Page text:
- Section 123.503, When can you apply for a Military Reservist EIDL?, would permit a business to apply for a Military Reservist EIDL from the date the essential employee receives a call-up order until 90 days after the date the employee is discharged or released from active duty.
- Section 123.504, How do you apply for a Military Reservist EIDL?, would require the business to submit a copy of the reservist's call-up orders, to certify that the reservist is an essential employee, to detail the employee's duties and responsibilities, and agree to offer the essential employee the same or similar job upon return from active duty. In addition, the employee would be required to concurs with the assessment.
- If the essential employee being called up to active duty is the owner and is starting active duty before applying for a Military Reservist EIDL, Section 124.505, What if you are both an essential employee and the owner of the small business and you started active duty before applying for a Military Reservist EIDL?, would provide that "a person who has a power of attorney with the authority to borrow and make other related commitments...may complete and submit the EIDL loan application package..."
- Section 123.506, How much can you borrow under the Military Reservist EIDL Program?, would permit an eligible small business to borrow from SBA up to $1,500,000, not to exceed "the amount of working capital your business could have generated had the essential employee not been called to active duty."
- Section 123.507, Under what circumstances will SBA consider waiving the $1.5 million loan limit?, would state that SBA will waive the $1,500,000 limit if: (1) the business is a major source of employment; (2) the business is in imminent danger of going out of business because of the call-up of an essential employee, and a loan in excess of $1,500,000 is necessary to reopen or keep open the business; and (3) the business has used "all reasonably available funds from the small business, its affiliates, its principal owners and all available credit elsewhere to alleviate the small business' economic injury."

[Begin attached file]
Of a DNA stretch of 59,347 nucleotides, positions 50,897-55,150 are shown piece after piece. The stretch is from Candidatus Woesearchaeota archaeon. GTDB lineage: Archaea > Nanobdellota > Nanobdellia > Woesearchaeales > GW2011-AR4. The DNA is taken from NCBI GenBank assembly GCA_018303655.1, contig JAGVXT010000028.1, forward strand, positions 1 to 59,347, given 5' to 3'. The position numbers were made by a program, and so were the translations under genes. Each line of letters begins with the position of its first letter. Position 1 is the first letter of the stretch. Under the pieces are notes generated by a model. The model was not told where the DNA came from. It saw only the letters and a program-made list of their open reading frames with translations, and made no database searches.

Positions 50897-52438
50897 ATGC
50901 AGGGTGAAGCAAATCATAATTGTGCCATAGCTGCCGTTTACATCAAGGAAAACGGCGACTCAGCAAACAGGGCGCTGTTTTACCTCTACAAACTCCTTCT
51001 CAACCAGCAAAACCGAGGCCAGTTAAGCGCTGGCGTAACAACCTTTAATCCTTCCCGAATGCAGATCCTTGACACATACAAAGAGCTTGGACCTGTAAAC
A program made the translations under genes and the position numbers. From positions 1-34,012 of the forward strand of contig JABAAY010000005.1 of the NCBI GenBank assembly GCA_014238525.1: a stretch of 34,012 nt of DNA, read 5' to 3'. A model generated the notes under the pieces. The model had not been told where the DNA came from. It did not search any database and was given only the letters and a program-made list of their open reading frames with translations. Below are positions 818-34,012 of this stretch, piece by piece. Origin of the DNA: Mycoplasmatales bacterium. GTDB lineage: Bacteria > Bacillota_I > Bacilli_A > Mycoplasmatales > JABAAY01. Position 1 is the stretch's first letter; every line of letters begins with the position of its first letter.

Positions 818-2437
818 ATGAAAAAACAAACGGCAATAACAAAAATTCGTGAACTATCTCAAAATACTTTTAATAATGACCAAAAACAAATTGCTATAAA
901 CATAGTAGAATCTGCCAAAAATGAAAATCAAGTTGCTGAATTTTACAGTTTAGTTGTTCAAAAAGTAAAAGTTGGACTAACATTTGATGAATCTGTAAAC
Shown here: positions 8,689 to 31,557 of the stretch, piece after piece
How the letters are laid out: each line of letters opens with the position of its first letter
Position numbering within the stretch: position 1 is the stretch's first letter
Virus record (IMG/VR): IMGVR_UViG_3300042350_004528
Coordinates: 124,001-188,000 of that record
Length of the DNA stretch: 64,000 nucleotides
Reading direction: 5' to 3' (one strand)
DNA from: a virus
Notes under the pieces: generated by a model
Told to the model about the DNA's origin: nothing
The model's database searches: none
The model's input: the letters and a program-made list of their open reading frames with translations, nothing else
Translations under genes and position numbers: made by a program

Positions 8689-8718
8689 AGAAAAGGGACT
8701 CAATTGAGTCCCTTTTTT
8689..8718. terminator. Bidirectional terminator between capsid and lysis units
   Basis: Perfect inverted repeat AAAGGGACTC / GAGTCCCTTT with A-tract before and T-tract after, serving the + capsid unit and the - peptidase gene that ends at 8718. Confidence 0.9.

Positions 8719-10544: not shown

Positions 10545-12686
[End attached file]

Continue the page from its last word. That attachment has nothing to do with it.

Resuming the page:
- Section 123.508, How can you use Military Reservist EIDL funds?, would permit EIDL funds to meet financial obligations, pay ordinary and necessary operating expenses, and to enable the business to market, produce, or provide its products or services.
- Section 123.509, What can't you use Military Reservist EIDL funds for?, would prohibit EIDL funds for "purposes described in 13 CFR 123.303(b) [How can my business spend my economic injury disaster loan?]." For example, EIDL funds could not be used to refinance debt incurred before the employee's call-up; make payments on loans owned by SBA or other federal agencies; pay tax penalties or non-tax fines; repair physical damage; or pay dividends to owners.
- Section 123.510, What if you don't use your Military Reservist EIDL funds as authorized?, would state that businesses that do not use their EIDL funds as authorized would be subject to the provisions of Section 123.9, What happens if I don't use loan proceeds for the intended purpose? Section 123.9 provides that the business would be liable for 1 1/2 times the amount disbursed by SBA when it learned of the wrongful misapplication. In addition, not using the loan proceeds for authorized purposes for 60 or more days after disbursement constitutes wrongful misapplication.
- Section 123.511, How will SBA disburse Military Reservist EIDL funds?, would provide for quarterly disbursements of the funds.
- Section 123.512, What is the interest rate on a Military Reservist EIDL?, would provide that the EIDL interest rate will be no more than 4%, and that SBA will publish the interest rate quarterly in the Federal Register.
FOR FURTHER INFORMATION CONTACT: Barry McVay at 703-451-5953 or by e-mail to BarryMcVay@FedGovContracts.com.
Copyright 2000 by Panoptic Enterprises. All Rights Reserved.
Return to the Dispatches Library.
Return to the Main Page.